FAQ: Southwest Florida Septic Tank Pump-Outs

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Septic tanks require pump-outs when the solids that accumulate in the tank begin to reach the tank’s storage capacity. The tank should be pumped when total solid accumulation is between 30% and 50% of the total capacity. Diversified Plumbing Services specializes in septic tank pump-outs in Lee County, Southwest Florida, and recommends the following septic tank pump-out steps.

Before Septic Tank Pumping

Note the liquid level of the tank in relation to the tank’s outlet pipe. A liquid level below the outlet pipe usually indicates a tank leak. A liquid level above the outlet pipe can indicate a problem with the pipe to the drain field or the drain field itself.

Septic Tank Pumping

  • We will pump the tank from the manhole. Pumping from inspection ports may damage tees and baffles. However, if pumping must occur from inspection ports, we will be sure to pump from both ports in order to pump all areas of the tank.
  • We will watch for backflow from the tank outlet pipe. Significant backflow indicates a drain field system backup. A small amount of backflow can indicate a sag in the pipe to the drain field.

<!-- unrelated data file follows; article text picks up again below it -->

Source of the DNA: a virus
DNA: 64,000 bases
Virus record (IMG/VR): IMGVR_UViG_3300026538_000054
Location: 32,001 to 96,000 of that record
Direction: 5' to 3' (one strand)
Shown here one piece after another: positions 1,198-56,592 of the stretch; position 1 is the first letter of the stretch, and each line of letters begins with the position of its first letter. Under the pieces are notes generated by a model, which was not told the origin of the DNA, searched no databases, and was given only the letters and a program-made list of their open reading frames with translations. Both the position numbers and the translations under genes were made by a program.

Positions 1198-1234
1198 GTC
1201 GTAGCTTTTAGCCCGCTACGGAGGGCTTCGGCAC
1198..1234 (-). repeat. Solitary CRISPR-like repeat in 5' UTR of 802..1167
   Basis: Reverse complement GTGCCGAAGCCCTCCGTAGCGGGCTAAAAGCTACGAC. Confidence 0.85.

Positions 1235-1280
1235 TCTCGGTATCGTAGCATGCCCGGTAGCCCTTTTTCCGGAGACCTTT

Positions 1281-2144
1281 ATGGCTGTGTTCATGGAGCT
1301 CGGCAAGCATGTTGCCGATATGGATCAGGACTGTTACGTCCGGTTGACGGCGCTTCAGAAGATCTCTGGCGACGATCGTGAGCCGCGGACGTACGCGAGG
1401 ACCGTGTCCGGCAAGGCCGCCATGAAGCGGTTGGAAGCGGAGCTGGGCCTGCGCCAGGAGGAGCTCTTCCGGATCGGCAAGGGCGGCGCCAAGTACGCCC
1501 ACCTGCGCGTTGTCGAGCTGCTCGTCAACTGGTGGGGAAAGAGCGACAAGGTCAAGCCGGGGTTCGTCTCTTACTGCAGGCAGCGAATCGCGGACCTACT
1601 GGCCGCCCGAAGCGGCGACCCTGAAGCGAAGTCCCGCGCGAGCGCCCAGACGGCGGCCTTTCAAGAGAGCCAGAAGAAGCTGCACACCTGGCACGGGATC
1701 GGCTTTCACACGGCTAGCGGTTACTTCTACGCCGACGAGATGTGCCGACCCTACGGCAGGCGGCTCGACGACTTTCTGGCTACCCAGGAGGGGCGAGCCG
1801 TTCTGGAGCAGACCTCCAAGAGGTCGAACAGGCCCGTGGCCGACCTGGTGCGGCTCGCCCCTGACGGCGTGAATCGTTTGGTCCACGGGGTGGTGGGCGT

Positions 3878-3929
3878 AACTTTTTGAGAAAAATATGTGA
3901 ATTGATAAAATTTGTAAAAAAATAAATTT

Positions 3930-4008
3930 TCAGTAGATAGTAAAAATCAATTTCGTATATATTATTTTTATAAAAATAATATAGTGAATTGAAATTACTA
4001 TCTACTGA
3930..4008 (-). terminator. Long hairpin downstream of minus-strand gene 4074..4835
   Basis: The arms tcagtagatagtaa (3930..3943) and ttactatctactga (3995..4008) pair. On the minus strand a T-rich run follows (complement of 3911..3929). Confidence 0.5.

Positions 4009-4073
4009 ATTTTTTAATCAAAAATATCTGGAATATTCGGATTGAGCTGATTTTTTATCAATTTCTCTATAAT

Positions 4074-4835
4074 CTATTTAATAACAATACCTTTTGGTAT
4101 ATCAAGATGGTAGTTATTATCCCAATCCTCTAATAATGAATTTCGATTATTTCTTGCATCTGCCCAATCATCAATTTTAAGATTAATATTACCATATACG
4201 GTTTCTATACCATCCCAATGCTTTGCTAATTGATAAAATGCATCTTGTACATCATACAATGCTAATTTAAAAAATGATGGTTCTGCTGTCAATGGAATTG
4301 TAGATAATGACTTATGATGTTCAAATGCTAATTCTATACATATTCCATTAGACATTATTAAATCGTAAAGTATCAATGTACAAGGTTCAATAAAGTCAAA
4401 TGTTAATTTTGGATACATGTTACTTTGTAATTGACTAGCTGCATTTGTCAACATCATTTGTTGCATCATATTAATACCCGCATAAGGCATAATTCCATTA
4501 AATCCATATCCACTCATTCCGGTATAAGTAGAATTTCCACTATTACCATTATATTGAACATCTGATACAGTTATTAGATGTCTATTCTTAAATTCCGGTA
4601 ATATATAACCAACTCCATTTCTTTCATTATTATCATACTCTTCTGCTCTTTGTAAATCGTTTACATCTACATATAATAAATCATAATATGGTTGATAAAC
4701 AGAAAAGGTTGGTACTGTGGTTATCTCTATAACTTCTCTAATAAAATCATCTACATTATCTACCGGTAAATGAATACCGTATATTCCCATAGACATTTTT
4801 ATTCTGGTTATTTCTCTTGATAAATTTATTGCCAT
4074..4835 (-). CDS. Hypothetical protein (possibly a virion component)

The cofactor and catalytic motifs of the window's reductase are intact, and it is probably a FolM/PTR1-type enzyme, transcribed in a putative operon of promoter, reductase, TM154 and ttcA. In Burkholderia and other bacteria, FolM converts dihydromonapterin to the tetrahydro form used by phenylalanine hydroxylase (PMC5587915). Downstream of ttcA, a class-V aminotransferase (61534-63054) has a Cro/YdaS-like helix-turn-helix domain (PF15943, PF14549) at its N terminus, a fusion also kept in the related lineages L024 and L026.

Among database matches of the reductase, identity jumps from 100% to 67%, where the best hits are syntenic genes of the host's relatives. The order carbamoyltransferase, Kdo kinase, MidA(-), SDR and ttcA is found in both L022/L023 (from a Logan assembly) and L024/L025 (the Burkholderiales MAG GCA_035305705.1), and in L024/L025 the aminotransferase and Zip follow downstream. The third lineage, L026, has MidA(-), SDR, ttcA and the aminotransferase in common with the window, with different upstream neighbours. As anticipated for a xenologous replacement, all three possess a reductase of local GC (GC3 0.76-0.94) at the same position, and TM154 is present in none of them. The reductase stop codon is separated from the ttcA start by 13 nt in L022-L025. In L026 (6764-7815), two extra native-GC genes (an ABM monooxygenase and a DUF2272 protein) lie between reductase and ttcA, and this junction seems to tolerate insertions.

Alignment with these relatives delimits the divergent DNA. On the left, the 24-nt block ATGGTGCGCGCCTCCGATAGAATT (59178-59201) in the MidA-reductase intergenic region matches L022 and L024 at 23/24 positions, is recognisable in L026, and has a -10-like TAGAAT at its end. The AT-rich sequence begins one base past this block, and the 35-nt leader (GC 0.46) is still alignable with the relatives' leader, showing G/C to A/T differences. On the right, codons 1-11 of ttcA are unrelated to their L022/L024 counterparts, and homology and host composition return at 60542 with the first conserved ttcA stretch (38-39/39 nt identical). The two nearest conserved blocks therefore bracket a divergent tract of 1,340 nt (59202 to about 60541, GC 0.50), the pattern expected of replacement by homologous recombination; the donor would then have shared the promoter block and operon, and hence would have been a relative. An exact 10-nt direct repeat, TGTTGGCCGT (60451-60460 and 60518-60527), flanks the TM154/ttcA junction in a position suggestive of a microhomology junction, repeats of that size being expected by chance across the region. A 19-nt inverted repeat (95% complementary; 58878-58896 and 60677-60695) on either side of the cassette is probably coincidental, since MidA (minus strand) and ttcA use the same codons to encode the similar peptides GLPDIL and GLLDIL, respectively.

• We will pump the tank thoroughly and use a seepage spoon and back flush to loosen the sludge in the corners of the tank.

How Can I Reduce the Number of Septic Tank Pump-Outs?

You can save time and money by taking a few daily precautions that reduce the frequency of pump-outs your system will need:

  • Aside from wastewater, toilet paper is the only other thing that should be flushed. Using the toilet to dispose of sanitary products, paper towels, disposable diapers, cigarette butts, and even tissues will harm your septic tank and cause you to need pump-outs more often.
  • Don’t use a kitchen garbage disposal. Septic systems are not intended to dispose of food waste, coffee grounds, grease, or fat, and, in fact, they will harm the septic tank. Try using a compost pile; it will reduce the number of pump-outs your system needs!
  • Reducing water usage will protect your septic system. Repair leaky faucets and toilets; install low-flow water fixtures, and turn off the water while brushing your teeth or shaving. Water conservation reduces the load of wastewater your septic system has to handle.

Learn more at: http://www.uri.edu/ce/wq/OWT/Factsheets/PumpoutPgd.pdf